What of this Lydia? Well, it's 1953 and her life is filled with anguish. In the past two years alone, she has lost her beloved grandmother to old age and her seven-year-old brother to cystic fibrosis. Her mother is in prison for a crime she didn't commit, and Lydia must now live with her cantankerous Uncle William and her rather shallow Aunt Ethel Mae. Her father, to hear Lydia put it, has been living in heaven since she was four. I love that factual tone--that firm-foundation grasp of spiritual concepts. This is no tentative introduction for readers--it's just the way things are. How glorious is utter forthrightness!
Throughout the book, readers slowly learn about Lydia's present life with her aunt and uncle, while flashbacks gradually reveal her former life with her mother, grandmother and brother, BJ. With words so encompassing that they make readers live the story, Lydia explains how she herself discovered that BJ was ill; how BJ learned to read at the age of three which, in the context of this book, is not nearly as improbable as it sounds; how his clever yet mischievous antics got him into trouble; and how he ultimately had to stay in the hospital for months at a stretch. We hear of Gran's wholehearted, home-grown "lovin'"--the mustard plasters and other homeopathic treatments she devises for BJ, the nature walks on which she embarks with Lydia, the hymns they all sing as Gran sews. And then there's Mama--Mama, with her gentle beauty and even gentler faith, which is firm enough to never waver and merciful enough for all of Lydia's questions; Mama, with that lyrical way of explaining things and her hope chest filled with beautiful gowns; Mama, who really doesn't deserve to be in jail. Don't worry, I shan't spoil the story, but let's just say that Lydia is a reliable narrator and when she says that something "ain't right", her reasons are more than valid. Even as Lydia's childhood unfolds in the literary background, she must find a way to cope with everything she's currently facing. How will she ever deal with the cruel girls who taunt her because of her mother's perceived crimes? Why does Aunt Ethel Mae get so many migraines? Who is Uncle William, and what has caused his heart to harden so? Most importantly, who is Lydia? What is the true meaning of family, and who is hers? And why, oh why, can she never seem to be quite as strong as Mama or BJ?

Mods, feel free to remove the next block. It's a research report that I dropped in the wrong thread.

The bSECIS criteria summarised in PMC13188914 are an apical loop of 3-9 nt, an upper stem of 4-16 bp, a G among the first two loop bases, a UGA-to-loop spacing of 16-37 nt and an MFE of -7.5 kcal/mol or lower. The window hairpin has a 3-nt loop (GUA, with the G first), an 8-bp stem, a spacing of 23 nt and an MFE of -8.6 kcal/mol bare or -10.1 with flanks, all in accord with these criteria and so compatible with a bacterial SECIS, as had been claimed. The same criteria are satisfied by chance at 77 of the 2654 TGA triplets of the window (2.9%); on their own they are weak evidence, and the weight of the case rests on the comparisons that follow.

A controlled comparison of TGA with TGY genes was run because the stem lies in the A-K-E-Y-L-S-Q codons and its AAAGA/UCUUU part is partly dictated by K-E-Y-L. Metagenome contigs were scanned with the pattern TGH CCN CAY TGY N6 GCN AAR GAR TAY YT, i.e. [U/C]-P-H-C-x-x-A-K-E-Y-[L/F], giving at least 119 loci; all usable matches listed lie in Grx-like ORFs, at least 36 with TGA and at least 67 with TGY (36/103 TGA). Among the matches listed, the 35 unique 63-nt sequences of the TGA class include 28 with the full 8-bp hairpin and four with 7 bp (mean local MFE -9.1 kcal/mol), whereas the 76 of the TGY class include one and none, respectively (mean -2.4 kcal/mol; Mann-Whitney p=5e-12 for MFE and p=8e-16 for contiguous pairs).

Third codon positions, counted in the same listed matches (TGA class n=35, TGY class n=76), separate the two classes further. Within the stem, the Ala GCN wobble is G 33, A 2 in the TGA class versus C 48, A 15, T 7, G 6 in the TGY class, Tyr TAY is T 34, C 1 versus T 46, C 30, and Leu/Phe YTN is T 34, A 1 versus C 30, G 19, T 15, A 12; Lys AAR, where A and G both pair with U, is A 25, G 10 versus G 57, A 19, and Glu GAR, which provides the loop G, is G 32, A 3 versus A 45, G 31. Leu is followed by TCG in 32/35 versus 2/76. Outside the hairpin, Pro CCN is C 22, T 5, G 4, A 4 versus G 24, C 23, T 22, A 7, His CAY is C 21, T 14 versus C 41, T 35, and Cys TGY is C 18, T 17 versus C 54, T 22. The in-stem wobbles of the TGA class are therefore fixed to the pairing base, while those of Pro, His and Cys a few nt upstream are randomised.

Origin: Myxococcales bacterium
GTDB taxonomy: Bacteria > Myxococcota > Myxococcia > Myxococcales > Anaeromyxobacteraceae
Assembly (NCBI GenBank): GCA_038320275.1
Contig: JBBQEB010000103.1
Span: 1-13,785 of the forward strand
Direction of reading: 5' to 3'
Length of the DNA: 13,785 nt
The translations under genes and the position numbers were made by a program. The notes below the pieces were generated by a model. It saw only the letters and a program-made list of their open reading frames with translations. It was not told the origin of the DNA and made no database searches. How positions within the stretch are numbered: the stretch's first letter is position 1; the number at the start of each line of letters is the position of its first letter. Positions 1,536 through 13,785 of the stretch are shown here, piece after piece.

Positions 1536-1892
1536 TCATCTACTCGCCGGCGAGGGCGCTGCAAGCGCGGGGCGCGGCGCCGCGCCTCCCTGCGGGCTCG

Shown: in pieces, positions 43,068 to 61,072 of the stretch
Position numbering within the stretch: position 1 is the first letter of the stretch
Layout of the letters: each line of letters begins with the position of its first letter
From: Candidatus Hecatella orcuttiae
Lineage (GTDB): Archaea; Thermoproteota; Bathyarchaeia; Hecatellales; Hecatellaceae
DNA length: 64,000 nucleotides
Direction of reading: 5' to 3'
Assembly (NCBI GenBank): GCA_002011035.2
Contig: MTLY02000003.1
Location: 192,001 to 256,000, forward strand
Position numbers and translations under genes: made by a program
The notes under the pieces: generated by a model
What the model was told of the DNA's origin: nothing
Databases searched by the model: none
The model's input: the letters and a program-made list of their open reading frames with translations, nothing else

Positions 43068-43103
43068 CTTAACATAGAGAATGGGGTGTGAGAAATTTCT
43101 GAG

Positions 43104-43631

Life may be filled with both terror and tears, but even Lydia's bitter moments begin to take on a certain sweetness when her teacher, Mr. Hinkle, asks to learn the truth of her situation. With his help, a lawyer's fierce determination, the unconditional love of her mother's closest friend, and even the rough yet loyal support of Uncle William, Lydia finds that there may just be a way to keep hoping--and perhaps even to get her mother acquitted. Oh, and did I mention that Lydia eventually finds companionship in a huge brown dog by the name of Ears? You may consider this somewhat insignificant in the scope of such loss, but nothing is trivial as far as Shank is concerned. Instead, Ears provides just enough friendship and comic relief to ease the reader through some of the most poignant parts.
And, make no mistake about it, this book is so incredibly exquisite that it tends to break the heart in multiple places, from myriad angles. It's filled with such a series of challenges, yet tempered with such unbelievable sweetness, that you can't help wishing there were an audio copy. Sadly, no audible edition is available, so I have been reading and rereading this book the old-fashioned way. Yes, rereading. I seldom do this--if I've read a book once, I will remember its basic premise, writing style, fine points, and often parts of the dialogue for years to come. This book, though, is an exception to my rules. I may have heard it all before, but how can I possibly ignore such magnificent writing and the lovely resolution, which develops through mounting hope rather than through Existential despair. I can imagine your protests: "But Nicole, life doesn't always have rosy, happy endings." No, but sometimes it does. In recent years, the literary community has focused on the "life-isn't-fair" principle to the exclusion of all else. While life will never be the same for Lydia, it can still be triumphant.
An audio version is surely necessary if the reader wishes to hear and absorb all the possible nuances in this story. As the title might imply, Child of the Mountains is set in the Appalachian Mountains and both setting and dialogue ring true. The extensive author's note at the end of the book describes each pertinent fact about the characters' coal-mining lives, and the book itself describes a number of lost arts no longer seen or cherished today--things like the secret of a pumpkin pie that tastes as light as clouds, or the correct combination of plants and kitchen agents that goes into making various dyes.